Excess garbage is a worldwide, dirty predicament. According to the North Carolina State University Extension Service, every year the United States produces over 160 million tons of solid waste. Much of this garbage ends up in problematic landfills. Over 70,000 natural or synthetic chemicals are used all over the globe in the form of steel, plastic, paper, oil and electronic equipment. Disposed improperly, the effects of garbage on plant growth can be disastrous. Plants benefit exponentially from responsible trash processing.
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The Chemical Industrial Waste Crisis
Composting is the decaying activity that occurs normally in nature. Controlled composting speeds the rate of organic garbage decomposition and reduces the material's volume to produce rich humus that enhances plant growth and vigor. Sufficient amounts of nutrients, air and water are vital for microorganisms to break down the raw scraps and transform them into usable plant food. Compost core temperatures of over 140 degrees will destroy most weed seeds and pathogens for a safe end product.
Biological Consequences of Toxic Plants
Perhaps the most destructive global effect of garbage on plant growth is cellular distortions. Environmental contaminates can be passed along plant generations. Plant cells inundated with toxic material produce promutagens, precursors to mutations. According to the College of Agricultural, Consumer and Environmental Sciences at the University of Illinois, promutagens do not alter a plant's original genetic material but will reproduce mutated offspring. Further studies aim to identify antimutagens that may reduce chemical toxin damage.
Reclaiming Lawn and Kitchen Garbage
Everyday kitchen and yard refuse has the potential to produce some of the greatest improvements in plant growth. Dead leaves and grass clippings provide protective mulch for young and established plants to conserve water and dissuade weeds from hogging nutrients. Vegetable scraps and leftover food without meat products that normally would be put down garbage disposals or end up in landfills can transform into delightful plant food. Compost nutrients enrich the soil with natural elements that make plants grow faster and healthier.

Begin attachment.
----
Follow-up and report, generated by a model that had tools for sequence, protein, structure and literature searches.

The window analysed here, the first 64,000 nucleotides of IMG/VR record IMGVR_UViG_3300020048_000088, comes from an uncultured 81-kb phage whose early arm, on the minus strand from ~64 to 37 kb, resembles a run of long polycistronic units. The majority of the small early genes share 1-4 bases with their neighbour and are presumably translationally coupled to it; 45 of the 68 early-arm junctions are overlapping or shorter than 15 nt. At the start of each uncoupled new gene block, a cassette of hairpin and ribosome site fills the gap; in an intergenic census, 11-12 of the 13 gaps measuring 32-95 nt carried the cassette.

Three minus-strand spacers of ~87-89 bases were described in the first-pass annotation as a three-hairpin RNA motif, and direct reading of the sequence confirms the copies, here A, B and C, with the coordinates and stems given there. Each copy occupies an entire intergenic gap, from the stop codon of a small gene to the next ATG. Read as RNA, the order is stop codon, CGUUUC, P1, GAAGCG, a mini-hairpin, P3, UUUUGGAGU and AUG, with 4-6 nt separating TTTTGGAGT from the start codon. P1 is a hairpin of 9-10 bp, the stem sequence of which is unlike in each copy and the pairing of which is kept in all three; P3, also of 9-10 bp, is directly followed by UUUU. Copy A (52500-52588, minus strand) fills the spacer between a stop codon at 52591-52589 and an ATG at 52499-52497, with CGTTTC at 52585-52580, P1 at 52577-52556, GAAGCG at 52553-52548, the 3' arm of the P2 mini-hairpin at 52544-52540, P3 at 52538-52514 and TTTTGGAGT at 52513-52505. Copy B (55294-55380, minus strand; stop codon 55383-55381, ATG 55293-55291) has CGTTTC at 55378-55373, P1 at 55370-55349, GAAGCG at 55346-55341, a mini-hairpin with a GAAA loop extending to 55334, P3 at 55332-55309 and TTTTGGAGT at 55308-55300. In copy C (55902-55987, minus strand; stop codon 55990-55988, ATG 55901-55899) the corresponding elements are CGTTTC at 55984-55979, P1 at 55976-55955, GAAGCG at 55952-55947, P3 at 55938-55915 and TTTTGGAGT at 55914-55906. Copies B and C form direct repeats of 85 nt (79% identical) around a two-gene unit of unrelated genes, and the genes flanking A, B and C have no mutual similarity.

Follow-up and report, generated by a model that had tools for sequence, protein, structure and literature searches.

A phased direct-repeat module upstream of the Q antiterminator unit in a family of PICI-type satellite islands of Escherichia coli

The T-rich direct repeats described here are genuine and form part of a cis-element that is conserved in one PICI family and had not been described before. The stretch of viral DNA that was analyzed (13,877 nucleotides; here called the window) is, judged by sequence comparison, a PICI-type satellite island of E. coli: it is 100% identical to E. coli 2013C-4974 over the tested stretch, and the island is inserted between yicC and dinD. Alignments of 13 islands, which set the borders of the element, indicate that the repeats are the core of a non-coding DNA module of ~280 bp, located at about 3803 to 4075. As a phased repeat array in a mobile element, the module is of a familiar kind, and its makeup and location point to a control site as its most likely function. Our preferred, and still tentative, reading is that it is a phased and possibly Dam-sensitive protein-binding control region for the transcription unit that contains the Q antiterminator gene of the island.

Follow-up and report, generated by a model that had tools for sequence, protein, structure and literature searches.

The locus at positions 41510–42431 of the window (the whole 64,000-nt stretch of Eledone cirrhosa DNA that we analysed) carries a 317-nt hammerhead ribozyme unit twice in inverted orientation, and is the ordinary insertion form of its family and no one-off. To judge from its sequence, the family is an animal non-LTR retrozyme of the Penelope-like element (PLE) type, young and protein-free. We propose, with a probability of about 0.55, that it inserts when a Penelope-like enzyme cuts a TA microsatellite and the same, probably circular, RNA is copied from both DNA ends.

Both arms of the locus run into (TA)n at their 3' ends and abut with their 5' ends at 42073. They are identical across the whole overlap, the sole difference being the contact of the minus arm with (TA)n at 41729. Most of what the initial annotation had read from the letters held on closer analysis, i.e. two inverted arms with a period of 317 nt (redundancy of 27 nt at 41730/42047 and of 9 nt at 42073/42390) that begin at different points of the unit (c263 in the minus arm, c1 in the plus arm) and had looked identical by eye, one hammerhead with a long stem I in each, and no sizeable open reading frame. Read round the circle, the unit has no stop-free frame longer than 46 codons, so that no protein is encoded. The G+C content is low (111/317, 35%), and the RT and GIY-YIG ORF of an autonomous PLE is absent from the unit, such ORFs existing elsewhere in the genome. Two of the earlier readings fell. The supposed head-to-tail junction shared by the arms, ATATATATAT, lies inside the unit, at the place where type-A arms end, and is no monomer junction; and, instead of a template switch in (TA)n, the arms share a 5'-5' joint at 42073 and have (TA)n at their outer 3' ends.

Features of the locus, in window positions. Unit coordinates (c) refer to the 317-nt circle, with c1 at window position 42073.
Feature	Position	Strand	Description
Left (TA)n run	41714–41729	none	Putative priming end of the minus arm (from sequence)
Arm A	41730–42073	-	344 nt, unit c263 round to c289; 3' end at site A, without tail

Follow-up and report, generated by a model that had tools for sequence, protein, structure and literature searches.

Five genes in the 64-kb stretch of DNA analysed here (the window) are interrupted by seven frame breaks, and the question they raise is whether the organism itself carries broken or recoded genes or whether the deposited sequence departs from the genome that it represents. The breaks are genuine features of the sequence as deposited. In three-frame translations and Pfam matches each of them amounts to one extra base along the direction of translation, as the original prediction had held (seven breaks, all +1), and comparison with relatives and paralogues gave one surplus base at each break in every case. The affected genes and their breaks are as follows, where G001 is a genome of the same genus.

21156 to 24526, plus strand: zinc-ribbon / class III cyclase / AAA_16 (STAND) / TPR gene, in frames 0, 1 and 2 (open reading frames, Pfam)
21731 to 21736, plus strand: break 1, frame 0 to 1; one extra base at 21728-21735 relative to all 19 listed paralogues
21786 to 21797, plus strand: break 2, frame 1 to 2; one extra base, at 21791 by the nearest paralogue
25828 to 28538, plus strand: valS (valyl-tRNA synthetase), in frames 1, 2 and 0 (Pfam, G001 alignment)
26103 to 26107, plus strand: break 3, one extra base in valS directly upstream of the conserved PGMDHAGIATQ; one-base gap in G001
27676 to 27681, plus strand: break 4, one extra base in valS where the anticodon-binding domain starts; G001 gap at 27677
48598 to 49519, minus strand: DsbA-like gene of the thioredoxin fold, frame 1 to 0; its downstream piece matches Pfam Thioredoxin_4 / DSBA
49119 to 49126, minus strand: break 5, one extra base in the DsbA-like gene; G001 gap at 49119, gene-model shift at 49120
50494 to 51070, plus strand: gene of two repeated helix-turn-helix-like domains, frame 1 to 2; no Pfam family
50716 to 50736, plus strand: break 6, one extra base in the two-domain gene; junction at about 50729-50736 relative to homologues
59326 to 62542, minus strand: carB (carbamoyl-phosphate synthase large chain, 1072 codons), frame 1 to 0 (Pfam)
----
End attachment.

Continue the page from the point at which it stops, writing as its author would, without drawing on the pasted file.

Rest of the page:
Composted Landfill and Plant Development
Composted landfill garbage greatly increases the nutrient value of the soil and crop productivity. As landfill compost is increased in the soil, tomatoes and fruits show a greater response in growth to the additional nitrogen levels. Although 25 to 40 percent of land disposal system solid waste can be composted, there is also a high amount of inorganic materials that remain. These materials must be screened and removed before the compost can be used on plants.
- North Carolina State University; Using Municipal Solid Waste Compost; James E. Shelton, December 1997
- Environmental Protection Agency: Hazardous Substances and Hazardous Waste
- University of Illinois; The Role of Plants in Environmental Toxicology; Michael J. Plewa; 1991
- Connecticut Water Trails Association: The Effects of Water Pollution
- Natural Systems 1 Student Research; Amy Hall, et al; February 2003